|View of Coronado Bridge from our hotel room|
|Hotel del Coronado|
We left Ensenada on January 9. We have about 650 students and 57 faculty from 120 universities and 60 countries. Quite a mix. I am categorized as a Life Long Learner, people over 40 that get to enjoy the cruise and classes without having to do the assignments or take tests. There are at least 32 of us. The ship is fairly new and I am told the fastest ship on the sea. I took a tour of the bridge and it looks like our max speed is 40 knots, though we seem to be going 15-20. Our ship, the MV Explorer, started life as a Greek cruise ship but was bought in bankruptcy.
|Main dining room|
|Small steering wheel for a big ship|
|Second officer (Russian) and Captain Jeremy (British)|
|Susan Phelps, my roommate, is from Martha's Vineyard|
We had our first casualty, in that one of the kids did not make it onto the ship since he was too drunk to get on in Ensenada, even after the 1 1/2 hour bus ride from San Diego. The dean tells the kids to "make intelligent choices," and there seems to be an "or else" tacked onto that.
We got to Hilo after about five days and are here for two days, leaving tonight. I have been to the Big Island twice before, so stayed locally instead of taking a trip to the Volcano National Park or Kona on the other side of the island. I walked to downtown Hilo, two miles away from the port. This was a real pleasure since there is not a great place to walk on the ship since no deck goes all the way around and it is hard to walk when there are ten foot waves rocking the boat. I visited the Tsunami museum, which talks about the multiple tsunamis that have hit the islands. Hilo has been devastated many times. The tsunamis have come from earthquakes in Alaska, the Aleutian Islands, Chile, and Japan and can hit even the coasts that do not face where the earthquake is. I like it here, but I think I would want to live on a hill.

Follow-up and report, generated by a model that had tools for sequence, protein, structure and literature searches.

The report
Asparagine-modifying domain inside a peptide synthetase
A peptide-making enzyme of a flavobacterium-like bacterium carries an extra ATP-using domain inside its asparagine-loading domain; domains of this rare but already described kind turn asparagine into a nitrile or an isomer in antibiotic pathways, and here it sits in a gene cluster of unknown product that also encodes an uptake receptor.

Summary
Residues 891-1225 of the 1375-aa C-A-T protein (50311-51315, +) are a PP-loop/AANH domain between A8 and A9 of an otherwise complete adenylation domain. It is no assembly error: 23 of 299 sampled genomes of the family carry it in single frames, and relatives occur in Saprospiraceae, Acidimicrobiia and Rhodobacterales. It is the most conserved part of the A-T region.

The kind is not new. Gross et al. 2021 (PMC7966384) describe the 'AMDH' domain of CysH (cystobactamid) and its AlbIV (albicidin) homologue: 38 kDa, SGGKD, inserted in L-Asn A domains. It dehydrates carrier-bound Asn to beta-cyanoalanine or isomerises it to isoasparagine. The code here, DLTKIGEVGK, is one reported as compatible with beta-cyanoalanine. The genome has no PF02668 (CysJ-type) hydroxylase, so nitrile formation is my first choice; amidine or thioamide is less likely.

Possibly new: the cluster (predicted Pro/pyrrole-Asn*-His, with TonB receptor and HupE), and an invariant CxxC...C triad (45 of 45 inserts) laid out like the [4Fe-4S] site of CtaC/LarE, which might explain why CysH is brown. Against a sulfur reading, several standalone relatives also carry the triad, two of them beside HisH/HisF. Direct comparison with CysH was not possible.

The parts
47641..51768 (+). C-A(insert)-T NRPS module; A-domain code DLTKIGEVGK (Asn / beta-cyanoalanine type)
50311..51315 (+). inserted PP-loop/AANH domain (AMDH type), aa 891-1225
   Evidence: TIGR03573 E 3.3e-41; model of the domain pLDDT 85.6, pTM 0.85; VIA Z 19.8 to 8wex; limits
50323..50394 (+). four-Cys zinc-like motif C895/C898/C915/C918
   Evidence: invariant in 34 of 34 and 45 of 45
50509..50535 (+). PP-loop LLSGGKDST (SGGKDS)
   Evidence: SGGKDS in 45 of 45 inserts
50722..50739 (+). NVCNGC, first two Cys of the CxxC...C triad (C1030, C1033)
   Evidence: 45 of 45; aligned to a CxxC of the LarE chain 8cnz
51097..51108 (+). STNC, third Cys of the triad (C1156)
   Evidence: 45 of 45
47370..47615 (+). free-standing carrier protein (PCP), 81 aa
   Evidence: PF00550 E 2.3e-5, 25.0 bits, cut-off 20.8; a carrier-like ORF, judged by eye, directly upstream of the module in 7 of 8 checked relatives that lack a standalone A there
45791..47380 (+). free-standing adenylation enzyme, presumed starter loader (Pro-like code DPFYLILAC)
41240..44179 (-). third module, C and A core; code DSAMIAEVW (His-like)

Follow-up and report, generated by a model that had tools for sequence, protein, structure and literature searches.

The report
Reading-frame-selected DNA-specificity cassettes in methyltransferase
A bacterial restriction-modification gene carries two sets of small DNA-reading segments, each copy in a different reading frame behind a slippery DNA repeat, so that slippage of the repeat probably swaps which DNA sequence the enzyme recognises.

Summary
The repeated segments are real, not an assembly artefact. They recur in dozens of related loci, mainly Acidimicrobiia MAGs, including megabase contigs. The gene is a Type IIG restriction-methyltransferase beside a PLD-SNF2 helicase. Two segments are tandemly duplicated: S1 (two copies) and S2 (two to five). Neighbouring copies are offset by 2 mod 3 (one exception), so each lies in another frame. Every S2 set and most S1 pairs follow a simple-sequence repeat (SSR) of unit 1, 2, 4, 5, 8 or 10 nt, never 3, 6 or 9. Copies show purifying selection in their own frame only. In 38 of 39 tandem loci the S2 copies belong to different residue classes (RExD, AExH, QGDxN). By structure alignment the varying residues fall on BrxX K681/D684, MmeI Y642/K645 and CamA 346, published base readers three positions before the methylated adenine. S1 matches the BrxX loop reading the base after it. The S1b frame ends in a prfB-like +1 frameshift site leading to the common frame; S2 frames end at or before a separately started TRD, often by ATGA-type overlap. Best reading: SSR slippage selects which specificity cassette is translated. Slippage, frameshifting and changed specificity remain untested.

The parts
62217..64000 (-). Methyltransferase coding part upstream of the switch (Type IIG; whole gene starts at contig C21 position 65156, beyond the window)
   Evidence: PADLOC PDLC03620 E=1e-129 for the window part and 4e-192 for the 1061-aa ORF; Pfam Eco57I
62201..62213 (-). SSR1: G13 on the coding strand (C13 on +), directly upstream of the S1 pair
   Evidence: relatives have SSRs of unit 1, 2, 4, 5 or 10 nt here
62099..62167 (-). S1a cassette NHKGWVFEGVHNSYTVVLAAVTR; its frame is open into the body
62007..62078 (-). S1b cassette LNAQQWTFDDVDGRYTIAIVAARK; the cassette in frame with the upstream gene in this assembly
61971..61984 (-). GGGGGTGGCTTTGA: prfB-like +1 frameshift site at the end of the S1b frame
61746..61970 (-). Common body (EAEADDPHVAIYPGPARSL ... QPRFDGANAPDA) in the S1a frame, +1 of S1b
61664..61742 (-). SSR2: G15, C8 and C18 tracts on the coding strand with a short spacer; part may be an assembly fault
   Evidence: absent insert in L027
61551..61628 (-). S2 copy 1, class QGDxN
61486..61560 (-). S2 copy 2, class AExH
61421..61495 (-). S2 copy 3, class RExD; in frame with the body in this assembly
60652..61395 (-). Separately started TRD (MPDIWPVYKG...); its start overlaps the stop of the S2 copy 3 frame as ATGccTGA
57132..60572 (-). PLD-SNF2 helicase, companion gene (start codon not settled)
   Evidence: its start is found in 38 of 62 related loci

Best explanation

I took Bonine the first couple of days and did not get seasick. It said it was a non drowsy formula but I felt like I could sleep the clock round. We usually have programs in the evening but I missed a lot of them since I was going to bed at 8 p.m. I was signed up for three classes but dropped the 8 a.m. one so I stay awake at night and sleep later. Thankfully, my sleep problem has improved markedly since I stopped taking the medicine. I am waking up at 6 a.m. and going to the gym, which is probably better for me anyway.
Archbishop Desmond Tutu is sharing the voyage with us until Capetown. He is a short, round man who seems to be perpetually smiling. He asks that we call him "Arch."
Hilo update: About 200 of the kids went to a hotel party and got so rowdy the police were called. 30 fake ID's collected. The manager did not press charges or some of the kids would undoubtedly be in jail and miss the ship when it sailed. Hearings will be held by the Dean, and a lot of kids will not be let off the ship at the next port. I guess this is a good way to start, because it scared the hell out of the kids, thinking that they might be put off the ship when we have barely started. I think the drunken parties will be a thing of the past.
Off to Yokohama tonight.